Interesting fact about the Opensolaris development cycle

Opensolaris has the reputation of being the unstable tree of Solaris. Nowhere near of production quality. Like the development builds of Linux. But the reality is: There is nothing like a experimental tree in Solaris. When you want to do development you essentially branch the code, doing development in your own branch, offering BFU packages for early testing and only after testing you put new code into the mainline code by updating your branch to the actual state of the mainline, working through all correction nescessary by changes in the mainline code and then put the whole stuff back to the mainline. The development follows an important dogma: FCS quality all the time. FCS stands for First Customer Shipment - the first non-beta version of a product. The idea behind this dogma is, that you don´t integrate code into the mainline with known gaps, errors and problems. It must be possible to take Nevada, doing quality control on it and make Solaris 11 FCS out of it. The article “FCS Quality all the time” written by Barbara Corwin shows a nice consequence of thid dogma. As a part of “eat your own dogfood” some of the production servers ran at OpenSolaris 45 for almost 8 months:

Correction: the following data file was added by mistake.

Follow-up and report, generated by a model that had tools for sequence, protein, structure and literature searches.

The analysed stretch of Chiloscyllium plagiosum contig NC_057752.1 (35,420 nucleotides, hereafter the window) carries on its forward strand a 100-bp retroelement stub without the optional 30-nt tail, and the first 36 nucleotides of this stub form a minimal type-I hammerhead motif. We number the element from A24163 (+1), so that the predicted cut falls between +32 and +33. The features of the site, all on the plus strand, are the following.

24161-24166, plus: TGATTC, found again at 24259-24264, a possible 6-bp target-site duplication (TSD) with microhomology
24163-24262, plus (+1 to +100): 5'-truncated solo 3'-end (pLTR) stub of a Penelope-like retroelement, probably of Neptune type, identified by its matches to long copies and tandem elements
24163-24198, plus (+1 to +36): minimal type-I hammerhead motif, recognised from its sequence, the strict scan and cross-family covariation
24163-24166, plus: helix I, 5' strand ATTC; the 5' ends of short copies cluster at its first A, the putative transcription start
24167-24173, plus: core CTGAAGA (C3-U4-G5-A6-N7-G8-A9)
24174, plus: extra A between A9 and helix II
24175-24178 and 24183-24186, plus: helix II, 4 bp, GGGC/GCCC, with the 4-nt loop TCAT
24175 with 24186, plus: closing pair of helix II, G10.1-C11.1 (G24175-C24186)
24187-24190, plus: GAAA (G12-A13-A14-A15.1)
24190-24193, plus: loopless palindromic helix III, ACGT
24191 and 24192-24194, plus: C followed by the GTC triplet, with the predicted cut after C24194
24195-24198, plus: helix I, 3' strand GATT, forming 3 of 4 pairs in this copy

And it's worked. From August 2006 until around March of this year, we ran Build 45 on the infrastructure machines (note that the current build in progress is Build 100). We finally hit some system problems this Spring that were fixed in later ON builds, so we started upgrading. And in general, we want to set up a regular rolling upgrade plan to keep more recent builds on these machines.